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Date: Fri, 24 Apr 2009 19:50:57 -0400 (EDT)
From: "Steven M. Christey" <>
Subject: Re: CVE request? buffer overflow in CIFS in 2.6.*

On Tue, 21 Apr 2009, Eugene Teo wrote:

> > Our maintainer also referenced:
> >
> >
> >
> >
> > They are already in the CIFS git tree:
> >;a=summary
> >;a=commit;h=7b0c8fcff47a885743125dd843db64af41af5a61
> >;a=commit;h=968460ebd8006d55661dec0fb86712b40d71c413
> As discussed with Marcus, these two are unrelated to this issue, so we
> will need new CVE names.
> I spoke to Jeff Layton about this, and it looks like there are some more
> in the pipeline (but unrelated to this issue), so stay tuned.

This ominous statement is proving prophetic.

CVE is not designed to track every intermediate change that's being made,
reviewed, debugged, fixed, re-bugged, re-submitted, re-fixed, and
refactored in multiple branches on a real-time basis.  There's an
extensive list of changes going on at,
many of which don't provide any notions of attack scenarios or
vulnerability (and neither should they - but it puts a severe analytical
burden on CVE to reverse-engineer patches for the bowels of code that only
a handful of people in the world fully understand).  I don't think it
helps most people to have a dozen different CVEs for an extensive set of
issues that are being fixed so dynamically.

One approach might be to "pre-tag" this whole set of changes with a single
CVE, then when they ultimately get merged into a single kernel version or
some other concrete milestone, the "scope" of that CVE ends.

An alternate approach would be for the CVE requesters to provide more
detailed explanations of what exactly is going on and what the scope of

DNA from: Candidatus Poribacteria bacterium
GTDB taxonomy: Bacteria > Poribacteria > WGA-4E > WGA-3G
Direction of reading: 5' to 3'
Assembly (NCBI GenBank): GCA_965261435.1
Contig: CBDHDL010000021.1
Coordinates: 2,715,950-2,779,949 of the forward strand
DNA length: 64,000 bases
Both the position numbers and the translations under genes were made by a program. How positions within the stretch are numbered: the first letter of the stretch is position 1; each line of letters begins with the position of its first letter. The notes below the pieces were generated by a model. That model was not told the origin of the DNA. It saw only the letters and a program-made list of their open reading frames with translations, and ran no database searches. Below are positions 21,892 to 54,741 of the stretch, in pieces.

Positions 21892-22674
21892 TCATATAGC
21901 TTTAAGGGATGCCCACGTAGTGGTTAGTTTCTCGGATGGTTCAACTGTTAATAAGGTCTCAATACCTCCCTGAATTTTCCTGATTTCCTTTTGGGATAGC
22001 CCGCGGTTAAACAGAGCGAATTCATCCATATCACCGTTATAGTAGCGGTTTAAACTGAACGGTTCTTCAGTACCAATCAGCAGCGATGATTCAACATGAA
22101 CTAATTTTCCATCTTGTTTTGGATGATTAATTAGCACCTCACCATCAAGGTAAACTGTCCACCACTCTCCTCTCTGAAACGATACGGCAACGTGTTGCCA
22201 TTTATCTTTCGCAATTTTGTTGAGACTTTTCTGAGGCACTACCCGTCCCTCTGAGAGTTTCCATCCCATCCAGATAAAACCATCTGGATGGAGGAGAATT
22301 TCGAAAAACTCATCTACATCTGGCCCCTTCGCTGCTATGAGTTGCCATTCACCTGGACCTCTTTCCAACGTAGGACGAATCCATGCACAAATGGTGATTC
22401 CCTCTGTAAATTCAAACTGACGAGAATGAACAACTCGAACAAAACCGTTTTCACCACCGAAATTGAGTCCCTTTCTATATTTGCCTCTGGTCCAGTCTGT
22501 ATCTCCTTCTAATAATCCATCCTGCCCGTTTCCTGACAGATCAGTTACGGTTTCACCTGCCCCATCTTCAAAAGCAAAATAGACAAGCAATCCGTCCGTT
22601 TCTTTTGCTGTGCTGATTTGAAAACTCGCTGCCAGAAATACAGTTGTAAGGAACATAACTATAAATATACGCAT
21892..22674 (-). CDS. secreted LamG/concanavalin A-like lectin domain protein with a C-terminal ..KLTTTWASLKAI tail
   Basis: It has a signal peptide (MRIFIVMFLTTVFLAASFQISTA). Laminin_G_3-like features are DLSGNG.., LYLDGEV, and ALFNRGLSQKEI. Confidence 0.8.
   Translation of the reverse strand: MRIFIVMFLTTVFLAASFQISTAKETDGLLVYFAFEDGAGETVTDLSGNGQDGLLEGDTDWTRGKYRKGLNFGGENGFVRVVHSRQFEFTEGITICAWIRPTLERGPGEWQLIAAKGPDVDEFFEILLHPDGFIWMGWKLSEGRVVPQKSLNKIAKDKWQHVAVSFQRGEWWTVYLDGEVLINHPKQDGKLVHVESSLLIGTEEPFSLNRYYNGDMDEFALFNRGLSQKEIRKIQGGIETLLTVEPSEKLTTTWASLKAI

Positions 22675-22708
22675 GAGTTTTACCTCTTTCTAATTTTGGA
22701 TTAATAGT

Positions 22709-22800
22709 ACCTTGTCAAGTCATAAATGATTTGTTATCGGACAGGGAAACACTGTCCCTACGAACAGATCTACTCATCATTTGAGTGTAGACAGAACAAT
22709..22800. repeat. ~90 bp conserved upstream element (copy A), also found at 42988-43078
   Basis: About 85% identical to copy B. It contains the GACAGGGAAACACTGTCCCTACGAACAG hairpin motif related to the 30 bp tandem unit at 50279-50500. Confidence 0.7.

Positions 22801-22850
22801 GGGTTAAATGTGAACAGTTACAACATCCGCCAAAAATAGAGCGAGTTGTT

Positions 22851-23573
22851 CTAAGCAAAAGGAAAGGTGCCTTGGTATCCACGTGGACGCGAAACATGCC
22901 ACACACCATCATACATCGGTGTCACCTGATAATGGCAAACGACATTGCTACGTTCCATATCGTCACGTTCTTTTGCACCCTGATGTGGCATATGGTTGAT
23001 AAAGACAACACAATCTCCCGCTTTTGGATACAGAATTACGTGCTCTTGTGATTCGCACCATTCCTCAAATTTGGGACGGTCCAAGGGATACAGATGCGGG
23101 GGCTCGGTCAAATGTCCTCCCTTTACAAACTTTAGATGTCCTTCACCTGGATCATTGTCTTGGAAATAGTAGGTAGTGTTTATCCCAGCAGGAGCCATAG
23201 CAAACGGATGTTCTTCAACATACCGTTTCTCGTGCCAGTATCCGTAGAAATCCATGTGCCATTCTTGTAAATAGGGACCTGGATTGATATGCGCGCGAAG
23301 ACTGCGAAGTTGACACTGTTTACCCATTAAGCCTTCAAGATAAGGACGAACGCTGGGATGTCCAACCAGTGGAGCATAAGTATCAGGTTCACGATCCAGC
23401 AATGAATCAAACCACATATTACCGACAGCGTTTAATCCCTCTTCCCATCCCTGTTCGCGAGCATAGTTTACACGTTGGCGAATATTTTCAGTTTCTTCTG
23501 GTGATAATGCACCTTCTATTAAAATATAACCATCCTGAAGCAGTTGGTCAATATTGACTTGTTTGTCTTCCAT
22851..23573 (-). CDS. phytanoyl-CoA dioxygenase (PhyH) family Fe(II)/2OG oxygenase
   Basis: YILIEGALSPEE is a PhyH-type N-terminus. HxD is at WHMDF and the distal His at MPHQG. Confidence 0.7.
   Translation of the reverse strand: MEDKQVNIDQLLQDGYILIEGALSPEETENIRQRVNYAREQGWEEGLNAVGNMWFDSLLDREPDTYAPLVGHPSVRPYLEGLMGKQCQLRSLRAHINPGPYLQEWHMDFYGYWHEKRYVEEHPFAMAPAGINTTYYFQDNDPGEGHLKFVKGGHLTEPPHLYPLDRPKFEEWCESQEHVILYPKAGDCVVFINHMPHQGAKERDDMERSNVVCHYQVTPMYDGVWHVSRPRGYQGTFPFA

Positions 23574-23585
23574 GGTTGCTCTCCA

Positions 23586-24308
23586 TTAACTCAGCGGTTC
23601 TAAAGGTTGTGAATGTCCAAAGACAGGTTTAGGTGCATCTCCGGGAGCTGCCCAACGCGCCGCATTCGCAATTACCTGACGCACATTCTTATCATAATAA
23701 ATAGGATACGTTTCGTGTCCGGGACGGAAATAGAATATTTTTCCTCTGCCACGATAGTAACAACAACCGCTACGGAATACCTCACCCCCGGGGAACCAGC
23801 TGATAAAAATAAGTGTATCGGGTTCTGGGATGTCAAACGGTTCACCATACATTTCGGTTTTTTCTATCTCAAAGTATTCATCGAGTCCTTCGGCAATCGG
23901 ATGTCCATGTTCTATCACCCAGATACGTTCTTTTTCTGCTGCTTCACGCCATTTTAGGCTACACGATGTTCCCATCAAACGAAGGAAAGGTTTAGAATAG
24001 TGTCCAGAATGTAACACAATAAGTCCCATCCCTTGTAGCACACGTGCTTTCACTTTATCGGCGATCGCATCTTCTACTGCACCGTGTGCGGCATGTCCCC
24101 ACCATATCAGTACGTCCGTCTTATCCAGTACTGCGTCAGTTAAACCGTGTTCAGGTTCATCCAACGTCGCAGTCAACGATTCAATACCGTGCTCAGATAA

the bug is.  This moves the analytical burden back to the distros, but
theoretically, the requesters are more familiar with the code than CVE
analysts are.

Yet another approach would be for CVE to adopt very generic descriptions
and rely more heavily on the provided references, but that wouldn't cut
down on the number of CVEs being assigned and it would create many
opportunities for incorrect mappings and duplicate entries, not to mention
confusion for consumers (this based on the experience of the past 10 years
of CVE...)

Another more radical approach would be for the Linux community to adopt a
different mechanism for a "universal bug ID" besides CVE, where multiple
people can file multiple bug IDs and share them across distros without
caring about duplicates or inaccuracies or incomplete information.  The
CVE tie-in could occur when something is mature and final enough to make
it into a stable release, and then the CVE becomes a mechanism for the
distros to communicate to their consumers, instead of between themselves.

Any and all thoughts are welcome.  I've thought that a big win for CVE was
as a "universal bug ID" for the Linux community, which was outside what we
had originally envisioned for it.  But these kinds of dynamic,
low-information disclosures really stress the CVE process, so I'm starting
to question whether CVE is really a good fit.

- Steve

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